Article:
Santa Dash Challenge Sees Jacob Ditch his Wheelchair

Brave teenager, Jacob Hunter, ditched his wheelchair to take on a Santa Dash despite suffering from cerebral palsy.

Jacob, from Bolton-on-Dearne, completed his dash just a few days before his 18th birthday, and even managed to cross the finish line in just 39 minutes. Jacob has limited mobility that means he sometimes relies on his wheelchair to get around, but was determined that he would walk the one mile route that was held at Clifton Park in Rotherham on Sunday.

Heidi Hunter, the teenager’s proud mother said during an interview with local press, “I’m very proud of him. It has been such an emotional day in so many ways. Watching Jacob reach his own goal was amazing. I am still speechless at how quickly he did it. Thank you from the bottom of both our hearts. We are just two normal people helping raise money for a good cause.”

The Santa Dash event was organised in aid of the Rotherham Hospice, and has become an annual event. This year it was run on the 13th December, and even though Jacob had originally set himself a target amount of £200 to raise, he has actually far surpassed this figure and managed to raise £415 so far.

Jacob said in an interview with local press, “I enjoyed every minute of the Santa Dash today at Clifton Park. I would just like to say a big thank you to my wonderful mum for putting my name down. I would just like to say a big thank you to all my friends and family for sponsoring me – I really appeciate it. I didn’t think that I would be able to walk one mile round Clifton Park but I did it and I’m very proud of myself. I’m definitely going to do it again next year. I loved every minute of it.”

The annual event organised by Rotherham Hospice sets the scene for hundreds of people dressed up as Santa to complete a one-mile dash around Clifton Park. Everyone taking part is sponsored, and all the money collected goes towards paying for care for the hospice patients and their families. The hospice is only part funded through the NHS, so it has to rely on fundraising events such as the Santa Dash to raise the extra funds needed to keep the hospice running and to continue to provide free care for the patients.

The Santa Dash is open to all ages, and everyone that takes part is awarded with a commemorative medal on completion. Whole families can take part if they wish, and you don’t have to run the mile-long course if you are not up to it, instead you can jog, dash or stroll around at your own pace, and your registration fee even includes a free Santa suit so entrants can dress up just like Santa.

If you would like to donate to Jacobs challenge, see www.justgiving.com/Jacob-Hunter

Police Launch Mobility Scooter Safety Event In Manchester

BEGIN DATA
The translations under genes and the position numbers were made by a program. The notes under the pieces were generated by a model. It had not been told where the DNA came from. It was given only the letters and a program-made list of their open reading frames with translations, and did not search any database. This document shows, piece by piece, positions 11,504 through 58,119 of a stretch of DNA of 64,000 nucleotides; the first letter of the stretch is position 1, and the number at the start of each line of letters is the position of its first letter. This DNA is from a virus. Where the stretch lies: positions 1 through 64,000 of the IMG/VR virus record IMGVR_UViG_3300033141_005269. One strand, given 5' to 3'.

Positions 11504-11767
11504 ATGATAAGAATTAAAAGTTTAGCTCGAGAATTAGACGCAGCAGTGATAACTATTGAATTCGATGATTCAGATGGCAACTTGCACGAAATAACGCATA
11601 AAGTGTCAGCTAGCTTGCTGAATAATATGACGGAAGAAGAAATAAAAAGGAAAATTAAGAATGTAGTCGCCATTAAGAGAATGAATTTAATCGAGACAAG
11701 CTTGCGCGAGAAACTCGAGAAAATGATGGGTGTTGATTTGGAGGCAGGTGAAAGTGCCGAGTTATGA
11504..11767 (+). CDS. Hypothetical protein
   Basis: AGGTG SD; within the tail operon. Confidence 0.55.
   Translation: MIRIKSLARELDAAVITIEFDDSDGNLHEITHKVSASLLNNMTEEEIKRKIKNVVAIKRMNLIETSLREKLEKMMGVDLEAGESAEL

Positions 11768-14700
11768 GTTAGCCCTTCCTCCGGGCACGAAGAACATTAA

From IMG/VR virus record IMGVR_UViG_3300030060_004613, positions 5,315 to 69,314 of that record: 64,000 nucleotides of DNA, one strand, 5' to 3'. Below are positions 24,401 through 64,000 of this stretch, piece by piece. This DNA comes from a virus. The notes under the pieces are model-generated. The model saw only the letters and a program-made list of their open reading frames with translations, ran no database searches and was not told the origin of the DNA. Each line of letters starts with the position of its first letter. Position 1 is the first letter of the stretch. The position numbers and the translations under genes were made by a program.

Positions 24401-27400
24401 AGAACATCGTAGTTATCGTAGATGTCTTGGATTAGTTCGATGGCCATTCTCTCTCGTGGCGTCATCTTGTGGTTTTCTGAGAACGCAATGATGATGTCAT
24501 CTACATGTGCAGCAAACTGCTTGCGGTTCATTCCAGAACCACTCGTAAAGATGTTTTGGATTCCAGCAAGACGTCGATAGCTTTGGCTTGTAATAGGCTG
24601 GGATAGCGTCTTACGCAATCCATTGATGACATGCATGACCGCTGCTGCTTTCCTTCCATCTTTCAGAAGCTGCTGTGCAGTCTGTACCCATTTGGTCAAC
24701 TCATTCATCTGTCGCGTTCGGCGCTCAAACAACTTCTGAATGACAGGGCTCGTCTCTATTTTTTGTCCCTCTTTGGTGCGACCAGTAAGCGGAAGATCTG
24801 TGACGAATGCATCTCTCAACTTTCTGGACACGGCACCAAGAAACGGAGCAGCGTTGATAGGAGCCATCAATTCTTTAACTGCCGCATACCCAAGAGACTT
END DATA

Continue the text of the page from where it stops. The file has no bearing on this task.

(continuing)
Due to the alarming rise in accidents involving mobility scooters in recent years, Greater Manchester Police organised a mobility scooter awareness session on 4th December.

The session took place at Clayton Brook, and was open to anybody who already used a scooter and for those who are considering buying one.

Police officers were available all day to offer practical advice and guidance on road safety aspects of riding mobility scooters, as well as giving users practical exercises and practice sessions to inexperienced riders using scooters without the extra hazards of pedestrians and moving traffic.

According to research figures, there have been 15 reported incidents over the past five years that involved mobility scooters, five of which were fatal – four of those occurring in the past two years alone, two serious injuries and eight slight injuries.

This pilot session run by the Greater Manchester Police, was held with the hope of more being run in the future to better enable mobility scooter users keep safe on the roads and avoid accidents.

Inspector Susan Redfern from the Roads Policing Unit in Chadderton commented in a press interview with Rochdale Online: “Mobility scooters offer users a sense of freedom and while we do not want to discourage people from using them, we do want to ensure that they are used safely.

“We are finding that many mobility scooter users haven’t driven in years, if at all, and their knowledge of the Highway Code is therefore limited.

“By taking a bit of time to familiarise themselves with the rules of the road, users will have more confidence to enjoy the outside world and we can hopefully reduce the number of collisions.”

While there will always be a level of risk associated with any form of motorised transport, it is helpful that Manchester Police are trying to raise awareness of the dangers of using mobility scooters, and want to help reduce those risks by offering some common sense training to anyone considering using a scooter for the first time, as well as helping existing users become more familiar with potential hazards they may encounter while out and about on the roads.

Mobility scooters offer disabled people a great opportunity for a better quality of life, so courses like these can help scooter users become more confident while out and about, while alerting them to potential dangers, and ways to avoid accidents along the way.

Greater Manchester Police are not the only force to offer safety help and guidance for mobility scooter users. Many areas are now getting involved in raising awareness, such as Norfolk Constabulary, who in partnership with Halfords, has also launched a scheme called Safe Scoot to help raise awareness of safety issues.

Safe Scoot was launched at the Royal Norfolk Show back in 2010. It was set up as a best practice guide to running awareness courses, and even enlisted popular Benidorm actress Sheila Reid to star in a short film they made as part of the scheme.

As a result of the Norfolk Constabulary’s pilot scheme their Crime Prevention Officers are now advising the Government’s Transport Committee on how best to address mobility scooter safety issues.